The writings of Menger and Böhm-Bawerk include propositions and concepts carried over from the objective theory of value and therefore utterly incompatible with the subjectivism of the modern school. above all others. Nevertheless. and precisely in this form.5 REMARKS ON THE FUNDAMENTAL PROBLEM OF THE SUBJECTIVE THEORY OF VALUE The following essay makes no claim to originality. The problem arises not so much from imperfections of theory. in order to put an end to the serious misunderstandings that modern economic theory repeatedly encounters. Neither understood it in all its ramifications. It was not difficult for those who came [First published in 1928 in Archiv für Sozialwissenschaft und Socialpolitik. It presents nothing that was not already contained at least implicitly in the writings of the founders of the modern theory and explicitly in the works of present-day theorists and in my own writings. What needs to be especially emphasized is that.] 177 . as from stylistic faults in the presentation of it. because there can be no doubt about the fundamental ideas of their system. I believe that what I am about to present here must be said once again. but only from the writings in which it was expounded. Menger and Böhm-Bawerk are the ones responsible for this misunderstanding of the theory. and both in turn were themselves misunderstood. which do not detract from the thought.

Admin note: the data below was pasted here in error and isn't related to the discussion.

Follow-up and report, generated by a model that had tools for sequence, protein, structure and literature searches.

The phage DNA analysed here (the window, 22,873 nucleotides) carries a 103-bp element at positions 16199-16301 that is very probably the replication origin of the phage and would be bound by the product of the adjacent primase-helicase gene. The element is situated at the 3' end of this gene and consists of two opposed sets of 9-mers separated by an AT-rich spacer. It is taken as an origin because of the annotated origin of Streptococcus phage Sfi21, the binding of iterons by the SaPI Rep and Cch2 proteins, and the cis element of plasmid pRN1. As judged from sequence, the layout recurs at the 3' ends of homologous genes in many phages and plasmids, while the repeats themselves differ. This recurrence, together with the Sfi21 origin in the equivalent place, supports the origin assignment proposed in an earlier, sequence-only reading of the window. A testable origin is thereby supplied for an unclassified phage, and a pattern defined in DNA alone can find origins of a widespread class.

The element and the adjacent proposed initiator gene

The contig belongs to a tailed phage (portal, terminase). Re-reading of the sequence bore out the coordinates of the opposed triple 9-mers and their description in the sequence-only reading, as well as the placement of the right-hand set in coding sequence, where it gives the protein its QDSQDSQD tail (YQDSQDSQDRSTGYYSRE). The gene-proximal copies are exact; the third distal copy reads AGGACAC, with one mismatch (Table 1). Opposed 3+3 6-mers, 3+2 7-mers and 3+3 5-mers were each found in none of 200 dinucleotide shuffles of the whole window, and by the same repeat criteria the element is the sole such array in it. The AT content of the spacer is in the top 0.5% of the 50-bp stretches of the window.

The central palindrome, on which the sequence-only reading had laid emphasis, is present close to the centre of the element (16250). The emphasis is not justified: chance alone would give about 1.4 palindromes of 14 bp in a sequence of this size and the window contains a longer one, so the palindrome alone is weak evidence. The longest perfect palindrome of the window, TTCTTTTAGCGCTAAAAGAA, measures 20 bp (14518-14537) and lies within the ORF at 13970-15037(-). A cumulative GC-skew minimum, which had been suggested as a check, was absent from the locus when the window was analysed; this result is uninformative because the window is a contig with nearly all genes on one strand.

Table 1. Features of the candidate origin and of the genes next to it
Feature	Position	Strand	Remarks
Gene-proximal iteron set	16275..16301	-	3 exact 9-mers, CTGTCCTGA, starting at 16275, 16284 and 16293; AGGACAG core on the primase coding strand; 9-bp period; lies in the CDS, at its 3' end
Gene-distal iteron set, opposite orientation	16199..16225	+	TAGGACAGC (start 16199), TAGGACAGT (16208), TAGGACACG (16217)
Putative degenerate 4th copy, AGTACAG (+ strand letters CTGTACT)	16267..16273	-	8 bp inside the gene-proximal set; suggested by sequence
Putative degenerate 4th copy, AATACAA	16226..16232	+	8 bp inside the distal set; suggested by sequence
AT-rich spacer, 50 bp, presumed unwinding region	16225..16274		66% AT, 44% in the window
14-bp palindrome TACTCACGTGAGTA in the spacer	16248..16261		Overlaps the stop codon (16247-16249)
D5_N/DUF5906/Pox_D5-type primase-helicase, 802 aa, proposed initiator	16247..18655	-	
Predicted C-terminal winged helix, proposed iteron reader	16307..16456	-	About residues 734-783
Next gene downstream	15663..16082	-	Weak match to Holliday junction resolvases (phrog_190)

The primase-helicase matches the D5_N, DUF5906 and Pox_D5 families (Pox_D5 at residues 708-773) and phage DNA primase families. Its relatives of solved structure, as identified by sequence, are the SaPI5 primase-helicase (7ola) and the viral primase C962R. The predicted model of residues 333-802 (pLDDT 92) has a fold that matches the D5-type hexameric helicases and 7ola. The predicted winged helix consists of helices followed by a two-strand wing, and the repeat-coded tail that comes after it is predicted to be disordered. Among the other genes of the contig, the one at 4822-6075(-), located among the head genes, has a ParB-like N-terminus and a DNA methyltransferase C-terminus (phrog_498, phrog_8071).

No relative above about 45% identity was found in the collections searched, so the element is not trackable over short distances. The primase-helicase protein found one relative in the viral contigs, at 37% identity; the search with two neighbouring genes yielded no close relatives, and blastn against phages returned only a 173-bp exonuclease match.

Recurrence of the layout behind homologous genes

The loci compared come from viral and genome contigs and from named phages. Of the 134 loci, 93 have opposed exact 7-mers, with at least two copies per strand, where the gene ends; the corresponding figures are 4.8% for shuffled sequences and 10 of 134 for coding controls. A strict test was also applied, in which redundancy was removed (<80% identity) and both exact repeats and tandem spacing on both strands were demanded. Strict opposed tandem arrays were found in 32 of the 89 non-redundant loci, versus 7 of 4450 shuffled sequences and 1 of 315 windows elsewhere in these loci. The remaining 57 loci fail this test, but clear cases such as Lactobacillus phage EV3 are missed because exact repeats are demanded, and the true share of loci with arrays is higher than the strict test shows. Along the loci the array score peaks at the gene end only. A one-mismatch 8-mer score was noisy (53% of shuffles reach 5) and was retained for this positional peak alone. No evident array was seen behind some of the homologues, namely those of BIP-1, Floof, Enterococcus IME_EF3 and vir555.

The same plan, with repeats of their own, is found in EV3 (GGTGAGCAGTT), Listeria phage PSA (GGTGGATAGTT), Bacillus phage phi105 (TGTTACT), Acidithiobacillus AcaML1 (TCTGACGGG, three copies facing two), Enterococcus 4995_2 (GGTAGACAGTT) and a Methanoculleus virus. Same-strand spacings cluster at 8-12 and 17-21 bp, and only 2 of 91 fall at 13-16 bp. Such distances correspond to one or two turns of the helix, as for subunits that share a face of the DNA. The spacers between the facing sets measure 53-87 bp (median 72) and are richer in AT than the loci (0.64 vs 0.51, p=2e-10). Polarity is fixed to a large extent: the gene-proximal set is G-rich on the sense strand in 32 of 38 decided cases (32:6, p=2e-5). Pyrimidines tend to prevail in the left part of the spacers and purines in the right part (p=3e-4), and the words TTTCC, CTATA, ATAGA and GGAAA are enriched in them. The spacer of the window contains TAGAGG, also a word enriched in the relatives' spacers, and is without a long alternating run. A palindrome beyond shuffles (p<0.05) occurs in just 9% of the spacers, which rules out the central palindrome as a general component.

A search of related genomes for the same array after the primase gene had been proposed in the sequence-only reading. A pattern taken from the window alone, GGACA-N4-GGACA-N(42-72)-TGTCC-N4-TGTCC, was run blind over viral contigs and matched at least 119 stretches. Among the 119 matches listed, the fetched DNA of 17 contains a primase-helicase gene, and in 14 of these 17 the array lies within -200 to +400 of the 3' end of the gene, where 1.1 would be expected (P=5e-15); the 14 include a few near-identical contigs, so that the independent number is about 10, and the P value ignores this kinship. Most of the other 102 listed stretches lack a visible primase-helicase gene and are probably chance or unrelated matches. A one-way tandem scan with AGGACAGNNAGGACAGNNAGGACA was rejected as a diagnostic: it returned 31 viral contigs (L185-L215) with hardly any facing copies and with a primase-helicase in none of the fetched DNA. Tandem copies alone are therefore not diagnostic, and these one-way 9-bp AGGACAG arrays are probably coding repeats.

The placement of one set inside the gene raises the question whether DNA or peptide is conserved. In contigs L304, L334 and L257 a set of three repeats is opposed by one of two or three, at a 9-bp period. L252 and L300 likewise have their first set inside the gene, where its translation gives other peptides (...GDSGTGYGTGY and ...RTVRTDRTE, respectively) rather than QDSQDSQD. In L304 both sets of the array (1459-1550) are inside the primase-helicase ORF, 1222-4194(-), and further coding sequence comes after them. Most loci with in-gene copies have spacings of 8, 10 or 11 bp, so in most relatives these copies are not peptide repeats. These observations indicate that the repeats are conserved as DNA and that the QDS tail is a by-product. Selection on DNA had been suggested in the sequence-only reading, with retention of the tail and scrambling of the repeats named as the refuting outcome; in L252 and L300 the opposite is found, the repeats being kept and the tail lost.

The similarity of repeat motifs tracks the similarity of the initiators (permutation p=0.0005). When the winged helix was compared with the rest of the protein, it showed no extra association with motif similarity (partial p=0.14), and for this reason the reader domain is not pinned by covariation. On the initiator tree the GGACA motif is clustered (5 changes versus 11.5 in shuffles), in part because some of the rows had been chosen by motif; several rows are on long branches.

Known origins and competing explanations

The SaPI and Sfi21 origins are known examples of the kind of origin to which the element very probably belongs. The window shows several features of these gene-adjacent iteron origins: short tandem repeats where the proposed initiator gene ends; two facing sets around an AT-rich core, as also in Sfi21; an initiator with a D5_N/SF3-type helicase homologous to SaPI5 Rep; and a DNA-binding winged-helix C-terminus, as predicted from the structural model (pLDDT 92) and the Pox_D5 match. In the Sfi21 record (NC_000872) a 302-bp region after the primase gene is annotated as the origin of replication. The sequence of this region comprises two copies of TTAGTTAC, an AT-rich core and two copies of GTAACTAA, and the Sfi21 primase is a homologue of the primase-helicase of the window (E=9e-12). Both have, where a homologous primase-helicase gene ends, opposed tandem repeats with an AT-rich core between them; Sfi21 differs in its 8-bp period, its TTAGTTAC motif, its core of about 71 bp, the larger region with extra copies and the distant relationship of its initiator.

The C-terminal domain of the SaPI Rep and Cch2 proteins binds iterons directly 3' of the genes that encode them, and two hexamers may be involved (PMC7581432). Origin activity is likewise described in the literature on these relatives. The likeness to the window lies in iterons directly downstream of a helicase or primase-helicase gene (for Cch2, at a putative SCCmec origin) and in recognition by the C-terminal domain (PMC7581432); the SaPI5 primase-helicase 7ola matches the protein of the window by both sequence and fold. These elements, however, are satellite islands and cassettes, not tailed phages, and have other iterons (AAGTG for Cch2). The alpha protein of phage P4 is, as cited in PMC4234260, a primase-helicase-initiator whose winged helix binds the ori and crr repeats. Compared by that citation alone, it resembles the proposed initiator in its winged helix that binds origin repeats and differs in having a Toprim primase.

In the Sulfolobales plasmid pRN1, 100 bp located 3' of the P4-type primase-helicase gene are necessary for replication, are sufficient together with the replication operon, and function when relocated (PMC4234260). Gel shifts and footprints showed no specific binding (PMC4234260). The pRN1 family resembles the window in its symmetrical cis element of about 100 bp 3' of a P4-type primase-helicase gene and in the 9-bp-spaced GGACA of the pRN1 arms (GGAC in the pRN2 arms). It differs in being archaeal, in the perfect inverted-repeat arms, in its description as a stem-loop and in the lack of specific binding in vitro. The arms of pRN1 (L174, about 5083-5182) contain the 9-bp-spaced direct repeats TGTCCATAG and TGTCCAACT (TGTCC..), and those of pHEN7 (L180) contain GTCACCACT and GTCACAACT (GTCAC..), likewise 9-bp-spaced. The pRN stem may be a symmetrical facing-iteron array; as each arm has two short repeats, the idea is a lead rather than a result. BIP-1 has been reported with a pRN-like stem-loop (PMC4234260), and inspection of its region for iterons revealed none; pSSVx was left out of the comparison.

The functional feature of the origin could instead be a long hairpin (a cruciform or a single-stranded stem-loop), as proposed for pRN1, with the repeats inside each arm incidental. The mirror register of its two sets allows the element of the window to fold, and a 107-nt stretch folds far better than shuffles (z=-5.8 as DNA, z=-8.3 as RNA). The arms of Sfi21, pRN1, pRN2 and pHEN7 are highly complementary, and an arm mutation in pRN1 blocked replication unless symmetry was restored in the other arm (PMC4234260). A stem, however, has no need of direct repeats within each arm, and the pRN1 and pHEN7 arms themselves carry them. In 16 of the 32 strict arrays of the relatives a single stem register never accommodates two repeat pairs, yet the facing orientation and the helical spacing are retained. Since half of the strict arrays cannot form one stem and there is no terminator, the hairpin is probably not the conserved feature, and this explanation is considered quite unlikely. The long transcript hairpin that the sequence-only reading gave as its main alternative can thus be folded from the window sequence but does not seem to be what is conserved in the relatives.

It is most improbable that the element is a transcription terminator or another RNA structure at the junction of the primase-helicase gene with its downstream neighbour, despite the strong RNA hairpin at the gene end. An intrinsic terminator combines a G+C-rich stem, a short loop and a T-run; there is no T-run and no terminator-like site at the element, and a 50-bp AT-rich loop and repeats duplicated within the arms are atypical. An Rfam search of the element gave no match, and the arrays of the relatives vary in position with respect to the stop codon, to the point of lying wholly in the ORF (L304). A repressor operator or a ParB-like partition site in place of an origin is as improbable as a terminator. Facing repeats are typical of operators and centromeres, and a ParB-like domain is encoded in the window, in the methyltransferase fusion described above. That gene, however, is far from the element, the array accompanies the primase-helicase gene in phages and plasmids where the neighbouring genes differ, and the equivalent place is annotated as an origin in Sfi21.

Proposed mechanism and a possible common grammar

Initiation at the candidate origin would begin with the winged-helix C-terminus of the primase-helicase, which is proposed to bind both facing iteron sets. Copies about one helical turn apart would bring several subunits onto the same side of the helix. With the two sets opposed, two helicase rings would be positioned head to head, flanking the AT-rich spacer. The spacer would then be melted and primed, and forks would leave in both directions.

in the act of exchange. Economics. but who are not professional economists and turn only to the works of its masters. All that counts is that they are prepared to spend a definite sum. and not milk. at a given moment—are of absolutely no importance for the determination of a market price. The great many who want to study the system. another. from its standpoint. does not concern itself with them and.178 Epistemological Problems of Economics afterward to find the right way and to present the ideas of the masters in logically developed form. But it may be conceded that it is not easy for everyone to avoid error here. or who view subjectivist economics merely from the factional standpoint of its opponents. One person may buy Kant’s works out of a thirst for knowledge. For catallactics the ultimate relevant cause of the exchange ratios of the market is the fact that the individual. the motivation of the buyers’ actions is indifferent. 1. What is alone decisive is that the parties on the market are prepared to pay or to accept this price for bread and that price for milk. Psychology. The investigation of these determining factors is the task of other sciences. . For the market. and many other disciplines may make it their business to investigate why men like to drink alcohol. The subjective theory of value traces the exchange ratios of the market back to the consumers’ subjective valuations of economic goods. for reasons of snobbery. The reasons he may have for acting exactly thus and not otherwise—for example. cannot concern itself with them. prefers a definite quantity of good A to a definite quantity of good B. for catallactics what is alone of importance is that a demand for alcoholic beverages exists in a definite volume and strength. not that of economics. cultural history. Individuals as consumers value goods exactly so much and no more or less at a given moment because of the operation of the social and the natural forces that determine their lives. physiology. cannot help being led astray. the reasons why someone buys bread. the science of catallactics.